Despite efforts by truck drivers to postpone a vote until more information could be obtained on the availability of truck parking in Pierce County, Wash., the county council approved an ordinance that bans truck parking in residential areas.
The county council voted 6-1 in favor of the ban.
Pierce County Councilmember Jim McCune co-sponsored the bill, which will ban trucks from parking in residential neighborhoods from 10 p.m. to 6 a.m. The ban includes a $175 fine for those violating the ordinance. Enforcement of the new ordinance is scheduled to begin in August.
McCune said he proposed the bill based on constituent complaints, citing “nuisance and safety issues,” because of trucks parking on residential streets.
“We tried to craft this so that it would be as least restrictive as possible; they just can’t park their rigs overnight,” McCune told Land Line before the vote. “We aren’t banning them from parking in commercial or industrial areas or if they are parked in a rural area, but we don’t want them parking in suburban areas.”
Hugh Taylor, who is the senior legislative analyst for Pierce County, said other neighboring counties have passed similar ordinances banning truck parking. He said that he wasn’t sure if there was adequate truck parking to account for the number of trucks delivering to businesses in the county, but added that no survey or study was done prior to drafting the truck parking ordinance
“We haven’t done any type of analysis to study whether there is adequate truck parking in the county,” he said. “Some believe that restrictions in other counties are forcing trucks to park in urban areas, but we aren’t sure.”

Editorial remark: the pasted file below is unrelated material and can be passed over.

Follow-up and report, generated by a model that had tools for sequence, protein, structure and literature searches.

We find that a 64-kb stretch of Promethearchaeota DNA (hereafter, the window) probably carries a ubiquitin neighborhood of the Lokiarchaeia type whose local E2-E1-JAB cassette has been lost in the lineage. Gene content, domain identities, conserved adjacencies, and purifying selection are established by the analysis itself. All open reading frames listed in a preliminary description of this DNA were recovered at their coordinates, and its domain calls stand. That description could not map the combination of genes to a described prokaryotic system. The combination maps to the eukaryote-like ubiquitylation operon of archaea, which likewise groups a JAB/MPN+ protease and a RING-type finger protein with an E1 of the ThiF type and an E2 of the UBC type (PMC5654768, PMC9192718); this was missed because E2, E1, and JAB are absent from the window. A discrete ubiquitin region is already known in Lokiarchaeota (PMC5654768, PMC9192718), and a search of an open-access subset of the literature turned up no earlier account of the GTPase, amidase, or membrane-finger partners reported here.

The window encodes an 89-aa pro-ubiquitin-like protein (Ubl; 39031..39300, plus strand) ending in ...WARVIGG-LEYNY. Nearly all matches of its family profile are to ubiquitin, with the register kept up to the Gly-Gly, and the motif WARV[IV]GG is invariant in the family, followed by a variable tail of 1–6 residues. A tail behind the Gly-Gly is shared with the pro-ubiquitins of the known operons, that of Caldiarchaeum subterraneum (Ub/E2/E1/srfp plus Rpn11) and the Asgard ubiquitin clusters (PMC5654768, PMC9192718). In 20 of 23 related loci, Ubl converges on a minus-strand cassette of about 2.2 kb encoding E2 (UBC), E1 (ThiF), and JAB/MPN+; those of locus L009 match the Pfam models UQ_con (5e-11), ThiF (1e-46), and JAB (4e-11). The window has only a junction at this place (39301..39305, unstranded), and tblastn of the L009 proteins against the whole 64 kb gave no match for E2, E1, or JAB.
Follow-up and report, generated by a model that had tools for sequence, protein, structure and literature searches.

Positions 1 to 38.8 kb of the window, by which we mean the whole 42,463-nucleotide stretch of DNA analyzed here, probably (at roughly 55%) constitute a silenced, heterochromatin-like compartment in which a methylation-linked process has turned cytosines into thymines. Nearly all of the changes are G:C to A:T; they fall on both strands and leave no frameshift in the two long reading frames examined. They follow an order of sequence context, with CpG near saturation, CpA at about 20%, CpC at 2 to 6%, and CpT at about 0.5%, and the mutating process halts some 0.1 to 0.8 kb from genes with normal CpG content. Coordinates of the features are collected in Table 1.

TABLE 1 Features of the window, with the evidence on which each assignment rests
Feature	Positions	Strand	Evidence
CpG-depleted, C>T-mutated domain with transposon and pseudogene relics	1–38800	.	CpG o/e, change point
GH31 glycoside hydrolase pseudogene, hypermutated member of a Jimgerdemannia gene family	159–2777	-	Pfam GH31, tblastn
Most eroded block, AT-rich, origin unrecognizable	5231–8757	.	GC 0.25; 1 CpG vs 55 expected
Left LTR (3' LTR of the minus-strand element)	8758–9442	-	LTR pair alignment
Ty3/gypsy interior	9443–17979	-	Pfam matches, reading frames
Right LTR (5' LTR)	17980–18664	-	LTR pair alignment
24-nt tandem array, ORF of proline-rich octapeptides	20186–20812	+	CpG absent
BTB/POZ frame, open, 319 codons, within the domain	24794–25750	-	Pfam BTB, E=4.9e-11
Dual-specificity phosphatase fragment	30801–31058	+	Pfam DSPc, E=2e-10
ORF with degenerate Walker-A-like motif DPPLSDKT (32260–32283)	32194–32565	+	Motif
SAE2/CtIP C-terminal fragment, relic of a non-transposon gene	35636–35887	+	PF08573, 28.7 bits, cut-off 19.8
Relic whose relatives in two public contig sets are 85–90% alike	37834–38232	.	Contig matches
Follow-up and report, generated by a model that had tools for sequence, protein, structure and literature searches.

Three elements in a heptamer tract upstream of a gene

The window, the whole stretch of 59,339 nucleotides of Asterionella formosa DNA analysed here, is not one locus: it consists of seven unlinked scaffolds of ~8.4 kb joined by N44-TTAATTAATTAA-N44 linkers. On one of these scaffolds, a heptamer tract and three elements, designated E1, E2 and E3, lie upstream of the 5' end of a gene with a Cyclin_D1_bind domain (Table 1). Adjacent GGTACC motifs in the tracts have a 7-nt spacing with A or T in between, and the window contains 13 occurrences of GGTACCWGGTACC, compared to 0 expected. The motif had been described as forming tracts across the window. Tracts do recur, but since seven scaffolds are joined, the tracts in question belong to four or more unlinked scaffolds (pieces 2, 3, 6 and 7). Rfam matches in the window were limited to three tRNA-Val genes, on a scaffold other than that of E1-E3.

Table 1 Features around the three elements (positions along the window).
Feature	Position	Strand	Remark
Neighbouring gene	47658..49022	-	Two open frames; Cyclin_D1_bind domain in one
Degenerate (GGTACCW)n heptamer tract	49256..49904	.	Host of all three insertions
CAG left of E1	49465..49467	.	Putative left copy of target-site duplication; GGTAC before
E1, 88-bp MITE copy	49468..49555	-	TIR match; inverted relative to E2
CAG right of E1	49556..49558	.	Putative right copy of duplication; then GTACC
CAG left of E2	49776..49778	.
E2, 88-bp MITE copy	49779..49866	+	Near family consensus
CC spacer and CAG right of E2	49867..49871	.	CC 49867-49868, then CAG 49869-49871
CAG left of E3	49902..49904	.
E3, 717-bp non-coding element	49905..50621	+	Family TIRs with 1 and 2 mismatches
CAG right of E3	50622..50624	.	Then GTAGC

McCune said the ban mainly seeks to dissuade small trucking operations, not properly permitted, from parking several tractor-trailers along neighborhood streets. He said he wasn’t sure how the ban might affect long-haul truckers who deliver in Pierce County.
“We are not a semi parking lot,” he said.
State DOTs are reviewing their truck parking availability as part of Jason’s Law, which was included in the current highway law known as Moving Ahead for Progress in the 21st Century, or MAP-21. The provision directs the Federal Highway Administration to conduct a study to evaluate the capability of states to provide adequate parking, assess commercial vehicle traffic and to develop a system to measure the adequacy of parking. That survey is currently underway.
Both McCune and Taylor told Land Line before the council’s vote on July 15 that they were not familiar with Jason’s Law, named for Jason Rivenburg, who was murdered while parked in an abandoned gas station in South Carolina. He arrived too early for his appointment and was turned away by the shipper. He was killed for $7.
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